Archaeologists discovered Africa’s Oldest Church

Archaeologists discovered basilica Roman –style 60 feet long, 40 feet wide church located in Beta Samati which means, house of audience” in the local language, which could point to its role as an important ancient administrative hub.

at the ancient Aksumite empire since fourth century A.D which is said to be 1,700 –year-old.

The building was initially built and used by Romans for administrative purposes before it was adopted at the time of Constantine by Christians as their places of worship.

According to the Smithsonian , the discovery of the church and its contents “confirm Ethiopian tradition that Christianity arrived at an early date in an area nearly 3,000 miles from Rome.”

“The find suggests that the new religion spread quickly through long-distance trading networks that linked the Mediterranean via the Red Sea with Africa and South Asia, shedding fresh light on a significant era about which historians know little,” it adds.

According to Christian Post, Christianity had reached Egypt by the third century A.D., it was not until Constantine’s legalization of Christian observance that the church expanded widely across Europe and the Near East, notes the Smithsonian. Thanks to their new discovery, researchers “can now feel more confident in dating the arrival of Christianity to Ethiopia to the same time frame.”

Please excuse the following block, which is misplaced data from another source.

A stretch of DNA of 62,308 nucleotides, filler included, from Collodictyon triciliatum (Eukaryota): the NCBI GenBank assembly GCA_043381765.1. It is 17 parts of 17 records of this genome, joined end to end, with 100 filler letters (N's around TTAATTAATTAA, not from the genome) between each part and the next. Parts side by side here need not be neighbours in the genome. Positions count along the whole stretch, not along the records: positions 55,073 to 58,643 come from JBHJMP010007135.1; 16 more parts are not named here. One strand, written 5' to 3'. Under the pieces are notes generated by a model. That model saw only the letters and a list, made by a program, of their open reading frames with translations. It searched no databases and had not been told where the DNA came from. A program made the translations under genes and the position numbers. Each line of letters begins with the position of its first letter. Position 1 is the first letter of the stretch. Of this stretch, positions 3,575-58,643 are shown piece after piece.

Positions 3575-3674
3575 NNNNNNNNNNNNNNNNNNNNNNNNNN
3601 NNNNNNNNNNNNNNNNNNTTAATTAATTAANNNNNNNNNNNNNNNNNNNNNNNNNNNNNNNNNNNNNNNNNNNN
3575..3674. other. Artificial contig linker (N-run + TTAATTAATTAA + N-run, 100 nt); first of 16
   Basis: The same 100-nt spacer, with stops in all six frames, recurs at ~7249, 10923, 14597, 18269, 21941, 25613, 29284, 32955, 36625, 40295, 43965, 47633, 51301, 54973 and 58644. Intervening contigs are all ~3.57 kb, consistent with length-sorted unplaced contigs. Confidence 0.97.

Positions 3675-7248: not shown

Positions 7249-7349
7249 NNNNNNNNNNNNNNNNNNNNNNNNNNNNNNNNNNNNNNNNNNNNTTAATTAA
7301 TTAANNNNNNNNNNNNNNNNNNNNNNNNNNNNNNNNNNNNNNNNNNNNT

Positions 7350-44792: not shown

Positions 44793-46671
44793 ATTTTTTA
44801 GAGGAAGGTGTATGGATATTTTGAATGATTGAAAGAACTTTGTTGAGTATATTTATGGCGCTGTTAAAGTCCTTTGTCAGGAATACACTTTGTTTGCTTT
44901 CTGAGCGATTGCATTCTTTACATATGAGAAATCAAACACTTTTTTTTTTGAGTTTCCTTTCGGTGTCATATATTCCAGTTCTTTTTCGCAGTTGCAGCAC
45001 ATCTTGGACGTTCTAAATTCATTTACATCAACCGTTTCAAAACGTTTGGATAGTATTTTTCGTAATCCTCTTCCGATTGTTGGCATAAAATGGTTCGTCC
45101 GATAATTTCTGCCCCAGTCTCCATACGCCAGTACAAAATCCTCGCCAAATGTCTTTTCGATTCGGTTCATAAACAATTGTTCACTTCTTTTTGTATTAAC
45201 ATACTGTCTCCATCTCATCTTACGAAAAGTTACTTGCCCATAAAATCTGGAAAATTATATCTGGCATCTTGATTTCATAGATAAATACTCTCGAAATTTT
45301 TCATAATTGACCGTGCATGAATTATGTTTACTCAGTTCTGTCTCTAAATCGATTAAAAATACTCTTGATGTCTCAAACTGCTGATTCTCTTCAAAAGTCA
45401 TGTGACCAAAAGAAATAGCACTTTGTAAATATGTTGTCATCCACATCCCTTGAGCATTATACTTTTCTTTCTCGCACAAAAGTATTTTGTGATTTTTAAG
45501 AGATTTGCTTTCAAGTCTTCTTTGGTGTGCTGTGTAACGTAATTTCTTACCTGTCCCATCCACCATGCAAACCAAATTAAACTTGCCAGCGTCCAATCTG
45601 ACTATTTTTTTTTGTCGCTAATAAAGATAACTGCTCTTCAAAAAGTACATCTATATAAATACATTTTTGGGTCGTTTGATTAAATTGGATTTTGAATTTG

“[This find] is to my knowledge the earliest physical evidence for a church in Ethiopia, [as well as all of sub-Saharan Africa,]” Aaron Butts, a professor of Semitic and Egyptian languages at Catholic University in Washington, D.C., told the Smithsonian.
Michael Harrower of Johns Hopkins University, the archaeologist leading the team, said that while the empire of Aksum was “one of the world’s most influential ancient civilizations,” it “remains one of the least widely known.”

“The excavations of Beta Samati help fill important gaps in our understanding of ancient Pre-Aksumite and Aksumite civilizations,” he said.

A pendant carved with a cross and incised with Ethiopic word “venerable,” as well as incense burners, was discovered among many other religious and secular artifacts like gold ring, stamp seals, cattle figurines. Also there is an an inscription asking “for Christ [to be] favorable to us.”

The “mixing of Christian and pagan traditions” discovered near the basilica “shows a complex blurring of secular trade and administration … that warrants further investigation,” researchers said.

This was a research conducted between 2011 and 2016, there are plans to continue excavate the site, as “research at the site has the potential to clarify a range of topics, including the rise of one of Africa’s first complex polities, the development of Aksum’s trade connections, the conversion from polytheism to Christianity, and the eventual decline of the Empire of Aksum.”

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